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  • VATPAC Tutorials: Go Arounds/Rejected Take-offs  

    The pilot in command (PIC) of an aircraft is ultimately responsible for the flight's safety and can decide not to land or take off from a runway at any point if they feel it is in the best interest of the safety of the flight.

    The pilot will make this decision based on factors such as, but not limited to:

    • aircraft equipment, navigation and communications
    • wind shear, microbursts and reduced visibility
    • compliance with air traffic control clearances and instructions.

    Go-arounds and missed approaches

    The term Go-Around can be defined as the act of aborting a landing/approach and proceeding for a subsequent attempt.

    The term Missed Approach refers to a predefined procedure that is followed by IFR aircraft in the event of aborting an approach or landing.

    A go-around may be initiated by the pilot or an air traffic controller with numerous causes including additional aircraft on approach, aircraft slow to exit runway or poor visibility. During a go-around, a pilot will, apply full take-off power to the engine(s), point the aircraft nose up, retract the landing gear and flaps to climb into the traffic pattern to circle around for another approach. 

    Example IFR missed approach where possible conflict occurs:

    [VOZ887] "Velocity 887 going around."
    Analyse potential conflicts and give instructions
    [ML_TWR] "Velocity 887, fly heading 300, climb to maintain 3000."
    Coordinate with approach
    [ML_TWR] "Melbourne Approach, Melbourne Tower, Velocity 887 missed approach, heading 300, climbing 3000."
    [ML_APP] "Velocity 887, heading 270 climb to 4000."
    Transfer the aircraft to the approach controller
    [ML_TWR] "Velocity 887, right heading 270, climb to maintain 4000, contact Melbourne Approach 132.0."
    [VOZ887] "Right heading 270, climb to maintain 4000. Approach 132.0, Velocity 887."

    IFR Aircraft Conducting a Visual Approach and Going Around

    An IFR aircraft conducting a visual approach is not conducting an instrument approach procedure and therefore cannot be expected to track via a published missed approach procedure. In this case, the aircraft should be given instructions including a heading to fly and an altitude to climb to.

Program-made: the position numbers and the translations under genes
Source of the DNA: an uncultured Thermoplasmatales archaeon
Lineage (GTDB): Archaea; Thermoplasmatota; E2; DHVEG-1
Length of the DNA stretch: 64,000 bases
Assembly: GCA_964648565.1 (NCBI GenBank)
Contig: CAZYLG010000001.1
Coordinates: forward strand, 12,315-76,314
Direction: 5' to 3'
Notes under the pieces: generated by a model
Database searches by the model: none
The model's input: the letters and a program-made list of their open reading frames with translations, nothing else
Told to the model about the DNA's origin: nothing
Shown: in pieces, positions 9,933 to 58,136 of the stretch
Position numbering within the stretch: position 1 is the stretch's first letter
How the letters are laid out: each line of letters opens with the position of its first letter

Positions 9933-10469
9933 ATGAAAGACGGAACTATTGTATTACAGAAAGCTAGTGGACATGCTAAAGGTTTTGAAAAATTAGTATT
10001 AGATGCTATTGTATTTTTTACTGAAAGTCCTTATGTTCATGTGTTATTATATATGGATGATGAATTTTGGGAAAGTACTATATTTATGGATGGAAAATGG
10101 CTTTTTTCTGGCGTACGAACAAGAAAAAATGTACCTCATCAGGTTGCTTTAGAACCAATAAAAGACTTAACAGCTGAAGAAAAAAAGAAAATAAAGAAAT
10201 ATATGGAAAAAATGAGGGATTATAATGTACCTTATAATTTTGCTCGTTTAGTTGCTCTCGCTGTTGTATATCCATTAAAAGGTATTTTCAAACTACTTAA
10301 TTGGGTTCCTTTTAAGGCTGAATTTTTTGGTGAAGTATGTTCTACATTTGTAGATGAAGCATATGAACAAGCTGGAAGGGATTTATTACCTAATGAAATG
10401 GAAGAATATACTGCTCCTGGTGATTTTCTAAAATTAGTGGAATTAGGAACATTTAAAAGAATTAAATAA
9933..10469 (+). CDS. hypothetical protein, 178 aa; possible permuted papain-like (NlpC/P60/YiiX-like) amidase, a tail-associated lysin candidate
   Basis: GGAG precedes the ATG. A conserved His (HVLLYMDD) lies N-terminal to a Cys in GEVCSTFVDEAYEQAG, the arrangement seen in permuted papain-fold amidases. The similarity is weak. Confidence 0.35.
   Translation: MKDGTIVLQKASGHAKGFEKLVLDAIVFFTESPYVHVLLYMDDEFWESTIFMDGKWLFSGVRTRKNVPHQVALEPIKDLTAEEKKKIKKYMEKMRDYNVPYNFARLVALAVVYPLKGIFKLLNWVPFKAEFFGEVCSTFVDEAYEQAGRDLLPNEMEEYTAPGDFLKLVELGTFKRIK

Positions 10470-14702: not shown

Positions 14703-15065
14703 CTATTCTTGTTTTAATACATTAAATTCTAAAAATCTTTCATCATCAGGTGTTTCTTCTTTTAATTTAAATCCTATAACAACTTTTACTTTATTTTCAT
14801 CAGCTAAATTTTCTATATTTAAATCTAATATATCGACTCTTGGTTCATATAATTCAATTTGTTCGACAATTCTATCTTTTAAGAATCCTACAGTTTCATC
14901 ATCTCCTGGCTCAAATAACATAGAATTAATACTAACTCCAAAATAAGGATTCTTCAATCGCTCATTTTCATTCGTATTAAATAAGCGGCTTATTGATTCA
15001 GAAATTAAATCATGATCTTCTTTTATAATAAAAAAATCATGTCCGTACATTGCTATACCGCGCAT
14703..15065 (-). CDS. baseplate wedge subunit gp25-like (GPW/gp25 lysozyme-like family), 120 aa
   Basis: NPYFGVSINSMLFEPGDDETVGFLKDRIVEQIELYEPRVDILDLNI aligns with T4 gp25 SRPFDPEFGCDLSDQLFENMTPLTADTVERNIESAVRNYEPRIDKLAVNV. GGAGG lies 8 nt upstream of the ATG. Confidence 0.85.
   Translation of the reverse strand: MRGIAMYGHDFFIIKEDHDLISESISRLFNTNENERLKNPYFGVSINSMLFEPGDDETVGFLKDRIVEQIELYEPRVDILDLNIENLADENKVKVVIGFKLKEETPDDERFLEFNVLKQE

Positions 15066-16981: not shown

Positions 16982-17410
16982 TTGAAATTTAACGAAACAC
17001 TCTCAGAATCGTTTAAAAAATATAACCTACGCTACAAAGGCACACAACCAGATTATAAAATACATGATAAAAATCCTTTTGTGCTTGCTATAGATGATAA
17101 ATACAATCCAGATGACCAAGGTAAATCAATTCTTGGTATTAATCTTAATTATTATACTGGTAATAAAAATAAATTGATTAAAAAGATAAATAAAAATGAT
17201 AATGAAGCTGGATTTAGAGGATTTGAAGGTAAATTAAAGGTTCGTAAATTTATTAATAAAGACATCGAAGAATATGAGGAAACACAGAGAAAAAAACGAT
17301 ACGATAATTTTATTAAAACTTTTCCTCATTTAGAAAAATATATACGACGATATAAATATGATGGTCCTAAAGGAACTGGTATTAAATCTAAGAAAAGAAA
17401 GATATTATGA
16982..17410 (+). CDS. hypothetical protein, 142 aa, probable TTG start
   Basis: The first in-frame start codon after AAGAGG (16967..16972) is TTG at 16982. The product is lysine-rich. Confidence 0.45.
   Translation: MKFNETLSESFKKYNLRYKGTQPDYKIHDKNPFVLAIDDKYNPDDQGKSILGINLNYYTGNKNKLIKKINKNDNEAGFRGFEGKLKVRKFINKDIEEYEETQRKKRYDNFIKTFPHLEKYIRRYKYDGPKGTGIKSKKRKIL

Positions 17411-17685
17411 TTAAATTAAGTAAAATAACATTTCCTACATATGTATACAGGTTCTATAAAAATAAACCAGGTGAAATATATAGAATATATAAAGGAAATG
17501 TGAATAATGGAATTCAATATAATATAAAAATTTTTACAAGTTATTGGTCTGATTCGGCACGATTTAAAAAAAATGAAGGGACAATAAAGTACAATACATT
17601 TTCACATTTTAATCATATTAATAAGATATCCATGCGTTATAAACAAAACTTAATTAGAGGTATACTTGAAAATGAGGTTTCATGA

It is good practice to be aware of the published missed approach track and altitude so that you can approximate this when giving instructions to an aircraft going around from a visual approach.

    When controlling a radar tower, such instructions must be coordinated with the approach controller and the aircraft transferred to the approach frequency.

    IFR Aircraft Conducting an Instrument Approach and Going Around

    An IFR aircraft going around from an instrument approach procedure will fly the published missed approach for that procedure unless instructed otherwise. The published missed approach procedure is designed to provide separation from other traffic and clearance from terrain, as well as facilitate returning to the arrivals sequence for another approach attempt. When controlling a radar tower, all such missed approaches should be coordinated with the approach controller and the aircraft transferred to the approach frequency.

    VFR Traffic Going Around

    Typically, VFR traffic that is going around will fly a visual circuit to return to the active landing runway to make another attempt.  The tower controller should facilitate this by providing instructions about circuit direction (if necessary) and other traffic in the circuit. When controlling a radar tower, the go-around should be coordinated with the approach controller and the aircraft transferred to the approach frequency.

    Coordination

    The tower controller should coordinate a go-around with the approach controller as soon a possible, however the priority is to ensure the aircraft going around is clear of other traffic.  A common practice is to instruct the aircraft to maintain runway heading however this is insufficient if the go-around was instigated by conflicting departing traffic.  

    1. Analyse the situation
    2. Give instructions to the aircraft to keep them clear of other traffic
    3. Coordinate the aircraft with the approach controller
    4. Transfer the aircraft to the approach frequency.

    Aborted take-off

    Similar to a go-around or missed approach, an aborted take-off is a procedure that sees an aircraft abandon its take-off. Usually, a pilot decides to abort take-off due to mechanical issues like engine malfunction or a bird strike. Clear communication is key in this process and as the pilot, you should advise ATC of your intentions after you have ensured the safety of the aircraft. Remember Aviate Navigate Communicate, telling the TWR should not be your number one priority. 

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